They have the iPad sand-boxed so well that people won’t have to worry. I don’t know how virus writers think, but I don’t think they ignore Mac because it’s only 10 percent of the market. I think it was because it was inherently easier to exploit things on Windows.
You’re one of the entrepreneurs who utilizes Urbane Apts’ relatively new co-working space in Birmingham. How is this space different than, say, a coffee shop or library?
You don’t have to buy anything, there is a refrigerator, you get to see the same people so you can build relationships. Its that herd mentality. If people are working around you, you will get that urge to do that as well.
How important has this option been to you and your business?
It has been pivotal for me. When you’re at home working by yourself, you might not have the energy to work. On those days I go to Urbane’s space. Everyone there is working, so I am just going to work.
So it’s easy to focus there.
And it’s easy to bounce ideas off people there. Even though you might not receive relevant feedback, it’s good to talk things out and escape from work a little bit, even if it’s just for five minutes. The idea sharing, fast Internet and the ability to focus are all very important.
Is building one of those spaces as simple as having a few desks, a good Internet connection, and a meeting room or kitchen?
What is hard to build is the community. When Urbane’s co-working space first started not a lot of people went there. Getting a community to consistently go there, that is the key to making it work.
Can we expect to see more of these spaces, say 10 years from now?
I think so. Not everyone who starts a company will want to sign a seven-year lease for an office. But we still want the desk and the Internet and the water cooler talk. We’ll see more of these spaces because there are not many around here. Even when I get my office space I am going to stop by Urbane every so often. As humans we want change. Even when we set up our home office to be perfect you can only get so much work done because you’ll get bored of it. We’re going to lose a lot of energy if we don’t keep changing the environment around us. You can’t be creative eight hours a day straight. You have to do it in bursts.
I recently heard a claim that Michigan State has more alumni living in Chicago than any other major metropolitan area. What would you do to make sure Metro Detroit has this honor?
I run an alumni group called DetroitSpartans.com. There are a lot of alumni in the area but they suffer from the same challenges that mobile developers do because there isn’t a central place for them to meet.
Is that type of hub a game-changing way of helping to attract more new grads to stay here?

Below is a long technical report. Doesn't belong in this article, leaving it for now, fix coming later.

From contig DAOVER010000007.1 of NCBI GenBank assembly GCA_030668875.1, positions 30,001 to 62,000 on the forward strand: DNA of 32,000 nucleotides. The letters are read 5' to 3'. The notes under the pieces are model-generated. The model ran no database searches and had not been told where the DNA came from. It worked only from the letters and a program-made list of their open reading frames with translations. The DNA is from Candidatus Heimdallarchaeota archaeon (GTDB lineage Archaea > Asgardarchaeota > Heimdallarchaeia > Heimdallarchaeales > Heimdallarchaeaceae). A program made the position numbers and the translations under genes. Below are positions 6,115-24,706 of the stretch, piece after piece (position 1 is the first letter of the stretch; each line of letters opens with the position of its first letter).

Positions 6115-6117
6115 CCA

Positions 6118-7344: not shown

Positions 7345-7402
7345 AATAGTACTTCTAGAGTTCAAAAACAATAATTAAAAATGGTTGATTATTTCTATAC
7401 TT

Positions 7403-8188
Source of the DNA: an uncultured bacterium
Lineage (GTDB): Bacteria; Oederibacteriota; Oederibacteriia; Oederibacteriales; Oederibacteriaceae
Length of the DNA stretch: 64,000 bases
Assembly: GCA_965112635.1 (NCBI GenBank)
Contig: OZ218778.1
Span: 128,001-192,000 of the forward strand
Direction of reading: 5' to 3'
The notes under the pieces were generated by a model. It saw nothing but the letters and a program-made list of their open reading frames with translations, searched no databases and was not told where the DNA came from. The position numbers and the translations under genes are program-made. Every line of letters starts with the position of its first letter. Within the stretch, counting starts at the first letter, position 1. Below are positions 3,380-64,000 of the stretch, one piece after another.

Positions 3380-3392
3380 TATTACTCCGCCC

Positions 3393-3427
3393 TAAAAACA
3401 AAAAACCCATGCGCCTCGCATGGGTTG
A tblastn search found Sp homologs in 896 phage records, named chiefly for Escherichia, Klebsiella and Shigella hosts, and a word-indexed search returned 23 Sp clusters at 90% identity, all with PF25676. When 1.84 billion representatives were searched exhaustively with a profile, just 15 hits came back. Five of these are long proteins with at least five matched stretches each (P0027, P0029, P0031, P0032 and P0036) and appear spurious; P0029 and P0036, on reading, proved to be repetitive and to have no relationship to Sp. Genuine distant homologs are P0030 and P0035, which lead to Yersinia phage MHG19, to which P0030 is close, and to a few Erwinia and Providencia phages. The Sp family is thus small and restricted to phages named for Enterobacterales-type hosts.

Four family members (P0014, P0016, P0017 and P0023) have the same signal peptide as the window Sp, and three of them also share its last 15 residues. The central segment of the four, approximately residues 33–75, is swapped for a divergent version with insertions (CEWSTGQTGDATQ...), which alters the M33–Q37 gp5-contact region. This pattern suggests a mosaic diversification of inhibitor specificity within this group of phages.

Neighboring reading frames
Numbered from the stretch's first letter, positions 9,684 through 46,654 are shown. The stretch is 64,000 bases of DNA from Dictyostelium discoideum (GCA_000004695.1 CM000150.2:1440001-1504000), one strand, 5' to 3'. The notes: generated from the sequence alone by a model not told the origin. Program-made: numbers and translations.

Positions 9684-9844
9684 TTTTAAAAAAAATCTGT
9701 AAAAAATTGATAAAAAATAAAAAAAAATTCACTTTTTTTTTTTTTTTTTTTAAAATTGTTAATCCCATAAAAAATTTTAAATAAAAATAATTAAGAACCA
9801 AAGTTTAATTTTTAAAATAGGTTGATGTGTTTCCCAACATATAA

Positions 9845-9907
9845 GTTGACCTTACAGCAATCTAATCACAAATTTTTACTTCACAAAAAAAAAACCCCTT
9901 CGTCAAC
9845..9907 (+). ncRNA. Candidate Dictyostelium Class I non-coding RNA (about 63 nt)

Yes. The more people who connect in the community, the stronger the community becomes as a whole. The reason Harvard or Stanford grads are really successful is because their alumni network goes really deep into a lot of leadership roles. They have a really tight-knit community. I am trying to bring enough Spartans together so more people want to be a part of it.
You’re about to become a new father. Many people shelve the idea of starting a business when they’re starting a family, saying it isn’t the safe, responsible route. You apparently don’t subscribe to that idea.
Actually, I do. I started the company two years ago and I wanted to do it before I had my first kid. I knew the older I got the less likely it would be that I would start a business.
But it seems like Bickbot is still in start-up mode even though it’s two years old.
It is, but I am big believer of having your cake and eating it, too. You can have a family, start a business, travel and have all of these experiences. You can experience it with them. I would be selling myself and my family short if we didn’t try this.
How has being an entrepreneur impacted your marriage?
The fights are definitely different. I have been fortunate to make money at it so the fights 99 percent of the time are great. But the 1 percent of the time they’re just awful. It hasn’t taken a strain that much, but I still spend a lot of time with my wife and my family.
You’re a Michigan State grad. How much have you been enjoying the last three years of college football in the state of Michigan?
It’s been unreal. In the past three years we have been winning all the time. Now I feel like we have a chance to win every single game. It’s exciting and very motivating.
Jon Zemke is the News Editor for Metromode and its sister publication, Concentrate. He is also the Managing Editor of SEMichiganStartup.com, which is mapping out Metro Detroit’s entrepreneurial economy. He conducted and condensed this interview. His last feature was Beer Is Fun! Q&A with entrepreneur Mike Plesz.